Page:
A couple of weeks ago, I had the treat of seeing a “real” Russian movie, titled Classmates (Odnoklassniki). And when I say “real,” I’m merely quoting what my friends said. The movie, they said, encapsulated everything Russian. The plot, the themes, everything was “very Russian.” Odnoklassniki, in their opinion, was an example of good Russian cinema.
All I have to say is that if this is a “real” Russian movie, then I don’t think I enjoy the Russian cinema all that much.
Odnoklassniki tells the story of three teenagers (two boys, one girl – can someone say predictable love triangle?) who are fresh out of high school, trying to figure out what to do with their lives post-highschool. The film starts off depicting the fearsome trio dancing the night away at Prom and getting pleasantly sloshed on a cruise ship. However, from the get go, we can already see the dread plastered on the heroes’ faces, as they’re getting ready to get catapulted into years of “self-wondering” and uncertainty.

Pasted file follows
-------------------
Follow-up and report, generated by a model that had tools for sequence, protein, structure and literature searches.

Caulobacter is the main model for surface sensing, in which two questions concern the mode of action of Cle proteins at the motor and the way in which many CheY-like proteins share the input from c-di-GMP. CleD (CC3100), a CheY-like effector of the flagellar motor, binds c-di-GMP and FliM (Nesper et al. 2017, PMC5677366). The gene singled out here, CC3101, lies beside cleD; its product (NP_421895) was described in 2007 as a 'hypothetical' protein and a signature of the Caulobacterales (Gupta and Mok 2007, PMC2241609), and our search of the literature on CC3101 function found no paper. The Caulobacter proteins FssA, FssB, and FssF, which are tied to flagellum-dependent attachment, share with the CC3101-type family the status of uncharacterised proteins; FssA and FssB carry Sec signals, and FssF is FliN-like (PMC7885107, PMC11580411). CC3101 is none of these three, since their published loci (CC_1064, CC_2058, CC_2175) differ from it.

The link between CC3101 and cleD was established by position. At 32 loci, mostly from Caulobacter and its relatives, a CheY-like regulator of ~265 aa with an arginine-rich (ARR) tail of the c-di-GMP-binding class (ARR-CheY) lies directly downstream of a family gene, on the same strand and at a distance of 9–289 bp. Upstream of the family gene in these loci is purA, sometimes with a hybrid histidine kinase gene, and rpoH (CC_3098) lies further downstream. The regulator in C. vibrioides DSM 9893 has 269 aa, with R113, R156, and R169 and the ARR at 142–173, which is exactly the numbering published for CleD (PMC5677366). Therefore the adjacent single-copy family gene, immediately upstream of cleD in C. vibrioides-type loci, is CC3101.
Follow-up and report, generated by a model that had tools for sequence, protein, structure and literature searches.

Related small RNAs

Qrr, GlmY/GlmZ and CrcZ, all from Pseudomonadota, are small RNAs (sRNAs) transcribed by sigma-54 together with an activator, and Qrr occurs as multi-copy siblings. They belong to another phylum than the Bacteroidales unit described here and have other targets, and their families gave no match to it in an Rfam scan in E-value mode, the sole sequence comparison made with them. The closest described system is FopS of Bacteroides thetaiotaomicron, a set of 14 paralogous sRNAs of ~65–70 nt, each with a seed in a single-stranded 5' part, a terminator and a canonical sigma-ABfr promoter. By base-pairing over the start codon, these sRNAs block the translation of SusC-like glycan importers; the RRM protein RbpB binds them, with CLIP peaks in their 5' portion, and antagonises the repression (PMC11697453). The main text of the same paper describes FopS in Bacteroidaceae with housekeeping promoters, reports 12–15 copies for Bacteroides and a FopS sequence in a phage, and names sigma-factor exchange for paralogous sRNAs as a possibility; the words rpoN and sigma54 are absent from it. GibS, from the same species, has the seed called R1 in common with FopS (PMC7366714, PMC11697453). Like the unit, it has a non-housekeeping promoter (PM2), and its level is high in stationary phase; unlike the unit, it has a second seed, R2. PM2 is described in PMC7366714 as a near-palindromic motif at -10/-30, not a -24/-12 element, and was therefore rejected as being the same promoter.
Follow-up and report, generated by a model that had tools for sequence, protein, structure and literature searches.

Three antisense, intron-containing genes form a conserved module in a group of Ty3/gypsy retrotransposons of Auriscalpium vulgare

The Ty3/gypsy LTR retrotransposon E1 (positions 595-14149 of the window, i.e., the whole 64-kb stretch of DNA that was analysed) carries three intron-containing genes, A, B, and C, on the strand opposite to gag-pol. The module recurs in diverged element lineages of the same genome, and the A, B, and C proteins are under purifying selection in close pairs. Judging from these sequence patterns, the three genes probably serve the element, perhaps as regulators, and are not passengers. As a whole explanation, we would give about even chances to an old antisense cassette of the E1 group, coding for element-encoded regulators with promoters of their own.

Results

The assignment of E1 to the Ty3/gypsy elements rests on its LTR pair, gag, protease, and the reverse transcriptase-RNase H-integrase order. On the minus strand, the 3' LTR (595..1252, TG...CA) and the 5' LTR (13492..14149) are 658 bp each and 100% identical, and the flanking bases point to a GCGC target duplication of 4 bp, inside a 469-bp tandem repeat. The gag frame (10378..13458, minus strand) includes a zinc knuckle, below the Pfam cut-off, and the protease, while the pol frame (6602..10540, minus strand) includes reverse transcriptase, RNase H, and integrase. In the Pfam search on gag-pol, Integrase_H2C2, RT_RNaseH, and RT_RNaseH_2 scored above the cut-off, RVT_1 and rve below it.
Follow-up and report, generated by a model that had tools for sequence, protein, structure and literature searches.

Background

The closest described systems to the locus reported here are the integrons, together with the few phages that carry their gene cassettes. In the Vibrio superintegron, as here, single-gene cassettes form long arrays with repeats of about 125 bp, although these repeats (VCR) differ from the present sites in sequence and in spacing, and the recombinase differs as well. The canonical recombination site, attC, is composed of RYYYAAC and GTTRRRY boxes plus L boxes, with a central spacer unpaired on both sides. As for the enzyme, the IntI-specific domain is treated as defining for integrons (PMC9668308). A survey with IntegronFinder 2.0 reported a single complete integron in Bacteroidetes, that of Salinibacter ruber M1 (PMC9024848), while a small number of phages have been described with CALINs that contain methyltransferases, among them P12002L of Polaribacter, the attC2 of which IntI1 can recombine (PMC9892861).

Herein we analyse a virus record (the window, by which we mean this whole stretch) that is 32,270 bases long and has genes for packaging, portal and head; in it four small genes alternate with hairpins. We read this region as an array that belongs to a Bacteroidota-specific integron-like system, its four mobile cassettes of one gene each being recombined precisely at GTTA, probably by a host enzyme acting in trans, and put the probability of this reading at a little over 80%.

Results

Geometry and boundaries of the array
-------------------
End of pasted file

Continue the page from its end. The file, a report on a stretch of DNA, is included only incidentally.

Fast forward four years, and all three are apparently a part of the workforce and seem relatively successful. But alas! Being successful is not enough! Something is missing from their lives, but what that something is, unfortunately, is never revealed in the movie. All that is essentially shown in this maudlin film is their sheer unhappiness. The main characters stumble forward through life, trying to figure out what to do with their lives, and engage in hedonistic pleasures all the while. I would detail the plot more, but, to be honest, I didn’t understand the plot in the slightest. It wasn’t an issue of language barrier — it was an issue of a convoluted, terrible script, with plotholes all over the place. The film likens to a forgettable made-for-TV Disney movie.
However, from what I gathered, the main point of the film was that process of finding out who you are is a trying and difficult one. And I can agree with that. But during that arduous, self-wondering process, the heroes of the film crumple faster than a teenage boy’s face after getting turned down for prom. In the face of adversity, the main characters attempt suicide, do drugs, and jet set off to some tropical country. What kind of message is that? If anything, the film points to a disturbing trend rising among young people (and, in my opinion, young America) — complete and utter apathy. Instead of getting off our asses and doing something, let’s just drink, spend our parent’s money, and complain about how difficult life is.
(Side note: Louis, the guy on the right was the one that was a dead ringer for you.)